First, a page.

Borders learned about the neti pot, sometimes referred to as a personal waterboarding kit, from classical singers.

“They take their throat and sinus area very seriously,” she said. “The neti pot is disgusting but awesome.”

She also is proactive about the company she keeps.

“My new guitarist just came over a couple days ago to pick up CDs, and I heard him cough and I just shut the door in his face,” she said.

Tahoe music promoter “Late-Nite” Billy Drewitz knows the show must go on. He was working as a tour manager when he needed surgery. The bus dropped him off at a Cincinnati hospital and rolled out of town.

“If you’re on a tour bus, it’s mandatory that you drink a bottle of Emergen-C every day,” he said. “The tour manager’s supposed to keep on top of that. You have cans of Lysol everywhere. If one person on the tour bus gets sick, the whole tour bus gets sick instantly. The worst thing is when the tour bus driver gets sick. I’ve had that happen, too.”

A Tahoe physician, Dr. Greg Bergner, has a simple recommendation to prevent catching an illness.

A physician’s advice

“Clearly the most important thing is to wash your hands frequently,” he said. “Viruses are most of the causes of respiratory illnesses and they can live on inanimate objects at least four to six hours.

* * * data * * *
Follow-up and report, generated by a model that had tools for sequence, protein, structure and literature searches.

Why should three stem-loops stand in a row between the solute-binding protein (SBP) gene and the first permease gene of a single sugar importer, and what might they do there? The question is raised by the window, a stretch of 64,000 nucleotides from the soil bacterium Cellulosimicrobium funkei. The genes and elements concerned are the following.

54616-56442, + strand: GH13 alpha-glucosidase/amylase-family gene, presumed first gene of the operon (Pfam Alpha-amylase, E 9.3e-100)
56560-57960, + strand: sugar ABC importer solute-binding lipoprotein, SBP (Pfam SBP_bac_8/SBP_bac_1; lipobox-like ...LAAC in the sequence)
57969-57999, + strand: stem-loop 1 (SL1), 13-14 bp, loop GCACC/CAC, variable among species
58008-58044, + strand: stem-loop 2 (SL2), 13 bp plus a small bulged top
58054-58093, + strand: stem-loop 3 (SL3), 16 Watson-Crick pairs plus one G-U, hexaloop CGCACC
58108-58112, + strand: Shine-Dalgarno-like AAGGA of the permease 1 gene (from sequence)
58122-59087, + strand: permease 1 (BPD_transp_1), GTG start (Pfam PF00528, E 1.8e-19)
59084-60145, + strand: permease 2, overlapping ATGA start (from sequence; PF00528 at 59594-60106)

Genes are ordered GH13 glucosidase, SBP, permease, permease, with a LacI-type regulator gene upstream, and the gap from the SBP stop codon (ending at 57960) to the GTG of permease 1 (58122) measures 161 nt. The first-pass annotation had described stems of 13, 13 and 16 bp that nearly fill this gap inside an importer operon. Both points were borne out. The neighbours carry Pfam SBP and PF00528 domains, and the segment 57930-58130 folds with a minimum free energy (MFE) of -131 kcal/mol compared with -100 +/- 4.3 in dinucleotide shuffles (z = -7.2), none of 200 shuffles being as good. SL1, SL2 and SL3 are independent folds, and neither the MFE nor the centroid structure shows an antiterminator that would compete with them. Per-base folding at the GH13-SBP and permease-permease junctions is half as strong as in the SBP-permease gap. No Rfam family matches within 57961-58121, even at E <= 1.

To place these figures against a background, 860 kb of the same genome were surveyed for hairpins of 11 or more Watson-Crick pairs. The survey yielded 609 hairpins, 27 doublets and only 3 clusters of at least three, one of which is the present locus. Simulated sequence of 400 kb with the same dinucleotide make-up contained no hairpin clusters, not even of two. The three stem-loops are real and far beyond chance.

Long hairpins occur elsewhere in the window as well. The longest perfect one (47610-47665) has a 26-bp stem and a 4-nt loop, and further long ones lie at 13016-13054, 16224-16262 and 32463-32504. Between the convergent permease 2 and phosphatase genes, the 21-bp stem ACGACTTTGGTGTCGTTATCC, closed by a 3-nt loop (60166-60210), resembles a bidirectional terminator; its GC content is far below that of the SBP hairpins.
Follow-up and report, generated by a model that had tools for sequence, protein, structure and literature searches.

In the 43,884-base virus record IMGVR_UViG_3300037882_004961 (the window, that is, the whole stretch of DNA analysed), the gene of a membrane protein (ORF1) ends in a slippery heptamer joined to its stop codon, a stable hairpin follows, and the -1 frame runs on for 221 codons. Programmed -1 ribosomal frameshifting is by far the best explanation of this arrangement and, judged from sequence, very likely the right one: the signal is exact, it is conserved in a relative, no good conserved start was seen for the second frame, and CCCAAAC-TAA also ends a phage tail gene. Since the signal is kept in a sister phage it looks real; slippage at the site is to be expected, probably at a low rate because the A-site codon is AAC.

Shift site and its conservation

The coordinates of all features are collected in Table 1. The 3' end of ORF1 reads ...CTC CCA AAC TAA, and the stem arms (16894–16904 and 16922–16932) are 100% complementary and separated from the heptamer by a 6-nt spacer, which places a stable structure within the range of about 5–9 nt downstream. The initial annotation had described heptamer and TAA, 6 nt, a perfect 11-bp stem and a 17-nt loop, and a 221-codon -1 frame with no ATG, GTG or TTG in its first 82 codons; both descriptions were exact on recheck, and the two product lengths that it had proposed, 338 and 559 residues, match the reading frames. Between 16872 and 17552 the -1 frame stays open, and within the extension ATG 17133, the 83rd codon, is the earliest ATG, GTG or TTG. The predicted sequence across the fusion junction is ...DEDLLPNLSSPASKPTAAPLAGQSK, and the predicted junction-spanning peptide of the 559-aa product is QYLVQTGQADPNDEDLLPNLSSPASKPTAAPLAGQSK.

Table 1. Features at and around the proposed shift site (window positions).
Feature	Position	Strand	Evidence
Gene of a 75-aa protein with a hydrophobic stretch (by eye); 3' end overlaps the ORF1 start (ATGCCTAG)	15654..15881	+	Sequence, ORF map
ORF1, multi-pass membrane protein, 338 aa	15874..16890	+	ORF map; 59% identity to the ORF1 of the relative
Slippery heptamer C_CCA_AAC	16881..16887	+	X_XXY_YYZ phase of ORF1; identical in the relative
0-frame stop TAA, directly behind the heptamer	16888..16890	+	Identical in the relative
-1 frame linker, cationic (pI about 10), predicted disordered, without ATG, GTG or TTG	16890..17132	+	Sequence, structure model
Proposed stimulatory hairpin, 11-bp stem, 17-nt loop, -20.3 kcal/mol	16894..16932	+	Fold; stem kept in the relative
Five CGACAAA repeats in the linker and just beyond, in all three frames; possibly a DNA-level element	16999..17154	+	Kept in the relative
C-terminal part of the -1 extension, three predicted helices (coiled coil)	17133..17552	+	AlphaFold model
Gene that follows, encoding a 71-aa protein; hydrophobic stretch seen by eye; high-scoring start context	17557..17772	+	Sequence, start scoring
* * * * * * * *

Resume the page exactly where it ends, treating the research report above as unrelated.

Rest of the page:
“Everything from a door handle to a pen you sign in to a hotel can be contaminated with viruses. It’s not going to penetrate the thick skin on your hand but if you scratch your eye or your nose or any of the mucus membranes in your body, the virus can get through those and infect you, so washing your hands is most important.”

Of course, there are extra measures.

“I’ve been taking this tonic called Mazu Gold to increase circulation,” Castro said, still huffing into the phone as he pedaled his mountain bike. “It’s from Sea of Japan, really cold waters of Korea. Sea kelp. What the hell? What have I got to lose? This is just not a healthy lifestyle. Maybe if you are Eric Clapton you could totally control your environment. But guys like us, we are just on the road and it’s a hazardous profession.”